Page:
What’s All the Fuss About Drinking Soda, Including Diet Soda?October 6th, 2012
Every Saturday HSK will again be publishing an article on diet, nutrition and general well-being, written by nutritional consultant and chef, Laura B. Leff. Know why? because a healthy body with a spiritual mind is a blessed soul.
We’ve all heard it: “You shouldn’t drink soda, that stuff is bad for you”. Most of us know the claims around how soda can cause weight gain; but are there more reasons not to drink the ever-so-popular bubbly? According to “Beverage Digest” in 2008 soft drinks, diet and non-diet, were worth nearly 73 billion dollars.
Let’s take a closer look into the most popular soda in the world, Coca-Cola, sold in over 200 countries. Coke is made up of carbonated water, sucrose or high-fructose corn syrup, caramel coloring, phosphoric acid, caffeine and natural flavorings.
- Carbonated Water-water combined with CO2/carbon dioxide ( a naturally occurring chemical compound composed of two oxygen atoms bonded to a single carbon atom).
- Sucrose-most known as, “table sugar”, the most common white sugar
- Coke contains 39 grams of sugar, which equals 13 teaspoons of sugar…can you imagine sitting down and eating 13 teaspoons of sugar? That’s what you are doing when you grab a can of coke. Yuck!
- High Fructose Corn Syrup-a man-made sugar derived from corn, there are different variations, but for soda it consists of 55% fructose and 42% glucose. HFCS was discovered by scientists in Japan in 1970, and was introduced into the US from around 1975-1985, its use as the main sweetener in products has been ever increasing since that time.
What’s the reasoning behind using HFCS over sucrose? There are two main reasons:
- HFCS is sweeter than sucrose, allowing companies to get “more for their buck”. Giving you, the consumer, a heightened sense of sweetness.
- HFCS is very cheap because of the government tax subsidies on corn crops, once again, allowing companies to make more money. Especially now because we have GMO (genetically modified) corn.
- Numerous studies, including the American Heart Association, have found that high fructose corn syrup may be detrimental to one’s health, specifically causing an imbalance in insulin, which can lead to or exacerbate diabetes, and ill effects on the heart and liver.
- Most health risks are still unknown because it’s a fairly new, man-made substance.
Phosphoric acid- a clear, colorless, odorless liquid with a syrupy consistency
- used to acidify food and beverages and give a tangy/sour taste
- added to high-sugary beverages to stop mold production
- used in fertilizers and detergents
- removes rust
- ingesting high amounts of phosphoric acid is claimed to leach calcium from the bones, causing the bones to become soft and brittle and may cause the enamel on your teeth to wear down, possibly leading to teeth decay
Caramel coloring- water-based food coloring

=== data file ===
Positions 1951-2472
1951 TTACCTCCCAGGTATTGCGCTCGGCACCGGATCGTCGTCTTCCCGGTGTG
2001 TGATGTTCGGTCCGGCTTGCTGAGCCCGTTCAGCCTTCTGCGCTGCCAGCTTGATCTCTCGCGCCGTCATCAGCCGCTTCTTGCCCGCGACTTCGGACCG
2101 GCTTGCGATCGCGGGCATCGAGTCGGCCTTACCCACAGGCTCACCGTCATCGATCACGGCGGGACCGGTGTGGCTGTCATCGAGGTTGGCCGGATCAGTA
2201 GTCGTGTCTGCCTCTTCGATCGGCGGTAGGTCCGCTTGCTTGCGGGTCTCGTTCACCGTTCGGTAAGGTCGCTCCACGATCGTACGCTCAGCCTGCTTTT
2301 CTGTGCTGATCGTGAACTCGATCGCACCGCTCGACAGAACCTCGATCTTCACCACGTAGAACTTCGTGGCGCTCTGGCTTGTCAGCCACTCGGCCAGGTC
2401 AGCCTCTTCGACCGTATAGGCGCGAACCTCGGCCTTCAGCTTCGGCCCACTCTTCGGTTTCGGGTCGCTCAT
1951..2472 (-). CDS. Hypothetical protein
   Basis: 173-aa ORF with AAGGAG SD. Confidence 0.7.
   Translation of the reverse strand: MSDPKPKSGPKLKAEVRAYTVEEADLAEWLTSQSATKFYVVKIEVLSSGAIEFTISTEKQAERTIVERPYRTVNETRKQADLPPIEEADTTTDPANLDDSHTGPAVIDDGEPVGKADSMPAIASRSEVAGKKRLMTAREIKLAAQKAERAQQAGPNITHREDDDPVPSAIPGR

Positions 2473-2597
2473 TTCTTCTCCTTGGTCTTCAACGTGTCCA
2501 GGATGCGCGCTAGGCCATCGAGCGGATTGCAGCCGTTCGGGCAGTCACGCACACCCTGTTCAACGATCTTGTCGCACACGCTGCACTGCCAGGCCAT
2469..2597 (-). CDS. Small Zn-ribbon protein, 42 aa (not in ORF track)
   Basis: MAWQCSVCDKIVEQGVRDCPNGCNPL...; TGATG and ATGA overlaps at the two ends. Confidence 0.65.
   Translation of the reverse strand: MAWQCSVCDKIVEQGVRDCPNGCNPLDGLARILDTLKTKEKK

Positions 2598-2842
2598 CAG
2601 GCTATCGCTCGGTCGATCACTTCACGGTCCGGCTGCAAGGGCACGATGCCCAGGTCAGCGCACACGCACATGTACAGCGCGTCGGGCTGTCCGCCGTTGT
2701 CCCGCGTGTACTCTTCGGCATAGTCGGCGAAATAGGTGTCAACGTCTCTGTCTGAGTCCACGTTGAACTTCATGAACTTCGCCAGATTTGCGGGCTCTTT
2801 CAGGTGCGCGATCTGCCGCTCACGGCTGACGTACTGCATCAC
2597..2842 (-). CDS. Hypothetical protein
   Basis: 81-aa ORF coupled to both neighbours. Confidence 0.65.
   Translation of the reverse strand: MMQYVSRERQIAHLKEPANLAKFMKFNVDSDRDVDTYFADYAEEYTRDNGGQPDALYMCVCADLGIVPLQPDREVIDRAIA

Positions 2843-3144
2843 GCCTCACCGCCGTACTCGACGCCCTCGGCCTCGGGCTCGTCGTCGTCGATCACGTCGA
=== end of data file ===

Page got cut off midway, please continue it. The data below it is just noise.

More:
Caffeine- a stimulant
Coke is not only used as a beverage, it has other uses:
- In many states the highway patrol carries two gallons of Coke in the trunk to remove blood from the highway after a car accident.
- Disenigrate a T-bone steak in two days by placing it in a bowl of Coke.
- Coke is a great toilet bowl cleaner!
- Loosens rusty bolts.
- Clean a car engine.
Does drinking diet soda lead to weight gain and other health related issues?
There are many claims that diet soda may actually lead to weight gain and type 2 diabetes. Two studies presented in June, 2011 at the American Diabetes Association’s Scientific Sessions suggest diet soda may not help battle pounds or diabetes. Results from the study done by researchers from the University of Texas showed data that diet soft drink consumption is associated with a 70 percent greater waist circumference in comparison to non-soda drinkers. Added weight leads to many health risks, such as heart disease, diabetes, cancer and other chronic conditions.
In the second study, researchers found that the artificial sweetener, aspartame raised blood sugar in diabetes-prone mice. It’s quite possible that artificial sweeteners trigger the appetite, but do not satisfy the sugar cravings that your body desires, because it isn’t real. Then leaving the body with the desire to eat more sugar to satisfy the craving. There have also been claims that artificial sweeteners inhibit the brain signals that make you feel full and/or satisfied.
To sum it up, it’s better to leave the soda behind and choose a healthier beverage. You have the power to choose.
- Good ol’ water
- Sparkling water with fresh fruit (lemon, lime, berries, etc.)
- Sparkling water with some juice
- You may also make your own soda, it’s quite simple. Just make simple syrup by adding 1 and 1/2 parts of table sugar to 1 part of boiling water, let simmer for about 10-15 minutes, let it cool and bottle it. Then you may add the simple syrup to sparkling water with fruit or a little fruit juice. This allows you to have control of how much sugar is in your beverage. Check out this recipe for homemade gingerale: http://www.foodnetwork.com/recipes/alton-brown/ginger-ale-recipe/index.html
Cheers & Be Well
Laura Leff, MS, HN